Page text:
US Airlines Are Quietly Prepping For Cuba
Photo by Goats on the Road
U.S. airlines are quietly working behind the scenes to prepare for commercial travel to Cuba once the half century-long travel embargo to the island nation is lifted.
A big hurdle was cleared last week, when the U.S State Department announced it had reached an agreement with Cuba to resume commercial air travel between the two countries.
"This arrangement will continue to allow charter operations and establish scheduled air service, which will facilitate an increase in authorized travel, enhance traveler choices and promote people-to-people links between the two countries," the State Dept. said.
The next major hurdle is for Congress to lift the embargo that still technically bars travel to Cuba for standard tourism. But the major airlines believe that’s just a formality waiting to happen in an election year, and have been prepping for such an announcement.
American Airlines has already said it will formally apply to the government for a service contract that authorizes commercial flights to Cuba, and some observers believe the carrier’s recent moves of expanding flights to other Caribbean destinations is a precursor to starting flights to Cuba.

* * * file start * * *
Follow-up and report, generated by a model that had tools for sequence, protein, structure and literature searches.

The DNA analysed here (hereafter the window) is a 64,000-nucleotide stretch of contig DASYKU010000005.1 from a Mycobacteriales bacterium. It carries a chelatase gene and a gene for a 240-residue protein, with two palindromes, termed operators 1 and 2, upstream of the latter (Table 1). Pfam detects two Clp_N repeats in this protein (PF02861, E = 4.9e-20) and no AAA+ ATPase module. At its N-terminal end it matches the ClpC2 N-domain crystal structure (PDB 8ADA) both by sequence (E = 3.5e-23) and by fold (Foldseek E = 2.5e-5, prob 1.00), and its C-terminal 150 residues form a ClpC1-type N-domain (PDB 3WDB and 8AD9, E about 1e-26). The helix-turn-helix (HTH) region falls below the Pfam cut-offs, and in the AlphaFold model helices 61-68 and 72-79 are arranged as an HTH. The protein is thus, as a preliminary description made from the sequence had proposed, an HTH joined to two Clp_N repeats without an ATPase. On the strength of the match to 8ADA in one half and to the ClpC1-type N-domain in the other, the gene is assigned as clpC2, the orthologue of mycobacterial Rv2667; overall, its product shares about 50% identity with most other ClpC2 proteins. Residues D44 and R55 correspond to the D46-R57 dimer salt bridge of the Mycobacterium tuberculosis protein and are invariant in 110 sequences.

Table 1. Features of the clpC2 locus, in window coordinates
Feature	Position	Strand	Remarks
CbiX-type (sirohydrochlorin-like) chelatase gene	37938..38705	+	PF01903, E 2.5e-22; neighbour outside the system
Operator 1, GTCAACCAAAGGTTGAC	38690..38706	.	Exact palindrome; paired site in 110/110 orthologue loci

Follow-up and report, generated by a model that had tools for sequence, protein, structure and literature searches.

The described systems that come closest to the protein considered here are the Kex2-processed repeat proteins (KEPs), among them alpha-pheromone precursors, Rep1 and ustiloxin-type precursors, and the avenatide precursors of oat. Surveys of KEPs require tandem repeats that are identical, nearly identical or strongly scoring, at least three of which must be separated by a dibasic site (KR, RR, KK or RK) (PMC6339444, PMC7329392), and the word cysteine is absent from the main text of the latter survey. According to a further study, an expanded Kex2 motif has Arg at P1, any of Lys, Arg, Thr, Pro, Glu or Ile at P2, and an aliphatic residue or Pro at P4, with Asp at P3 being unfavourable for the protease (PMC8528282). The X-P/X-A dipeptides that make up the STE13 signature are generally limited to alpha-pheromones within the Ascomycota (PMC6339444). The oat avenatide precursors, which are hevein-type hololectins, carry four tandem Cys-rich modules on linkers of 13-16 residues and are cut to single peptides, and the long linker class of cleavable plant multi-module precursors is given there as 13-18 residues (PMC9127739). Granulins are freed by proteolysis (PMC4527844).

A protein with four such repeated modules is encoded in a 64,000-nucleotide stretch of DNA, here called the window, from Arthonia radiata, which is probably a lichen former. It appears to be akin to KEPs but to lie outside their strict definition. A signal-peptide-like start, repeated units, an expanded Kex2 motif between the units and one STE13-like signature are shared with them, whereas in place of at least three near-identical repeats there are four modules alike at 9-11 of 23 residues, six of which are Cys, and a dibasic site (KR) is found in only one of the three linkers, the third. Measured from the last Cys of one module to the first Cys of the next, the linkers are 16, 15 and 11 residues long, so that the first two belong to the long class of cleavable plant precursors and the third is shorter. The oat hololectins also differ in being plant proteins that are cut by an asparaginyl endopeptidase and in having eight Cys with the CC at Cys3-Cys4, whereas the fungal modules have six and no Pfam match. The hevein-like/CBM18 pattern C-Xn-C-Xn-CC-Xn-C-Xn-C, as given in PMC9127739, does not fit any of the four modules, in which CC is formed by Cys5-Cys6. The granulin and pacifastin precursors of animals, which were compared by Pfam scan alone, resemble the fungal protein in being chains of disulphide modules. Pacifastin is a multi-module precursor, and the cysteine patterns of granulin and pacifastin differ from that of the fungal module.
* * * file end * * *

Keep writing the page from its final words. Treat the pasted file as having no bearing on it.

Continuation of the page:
American is adding flights from Dallas to Grand Cayman and Punta Cana, in the Dominican Republic; Los Angeles to Montego Bay, Jamaica; and Charlotte to Curacao and Puerto Plata, also in the Dominican Republic.
Charlotte will be a key new hub for American. It was a hub for US Airways but after the merger of the two airlines, and after US Airways ceased flying under that name in October, Charlotte is now American’s second-biggest hub — with 90 percent market share — behind its home base in Dallas.
JetBlue has also announced new non-stop daily flight service between Fort Lauderdale-Hollywood International Airport (FLL) and Rafael Hernandez Airport (BQN) in Aguadilla, Puerto Rico beginning May 5, 2016. Fort Lauderdale is one of JetBlue’s two busiest hubs. The carrier currently operates nearly 145 daily flights from FLL to the Caribbean and Latin America.
The moves are important for both American and JetBlue. As they both look to pick U.S. cities that will launch flights to Cuba, its Caribbean and Latin American destinations could also serve as jumping off points.
It will be interesting to see if low-budget carrier Spirit — also based in Florida — joins American, Delta, United, JetBlue and Southwest, who have already expressed considerable interest in flying to Cuba.
“We’re interested in flying to Cuba when the time is right, and it’s right for Spirit’s business model," spokesman Paul Berry told USA Today. "Like with any destination we choose to fly, we will want to be able to offer the lowest fares to and from Cuba and still be profitable. It’s still too early to know what the costs of flying to Cuba will be, and what infrastructure will be in place. When we see the finalized agreement, we will be better able to determine how — and when — we want to fit Cuba into our plans."
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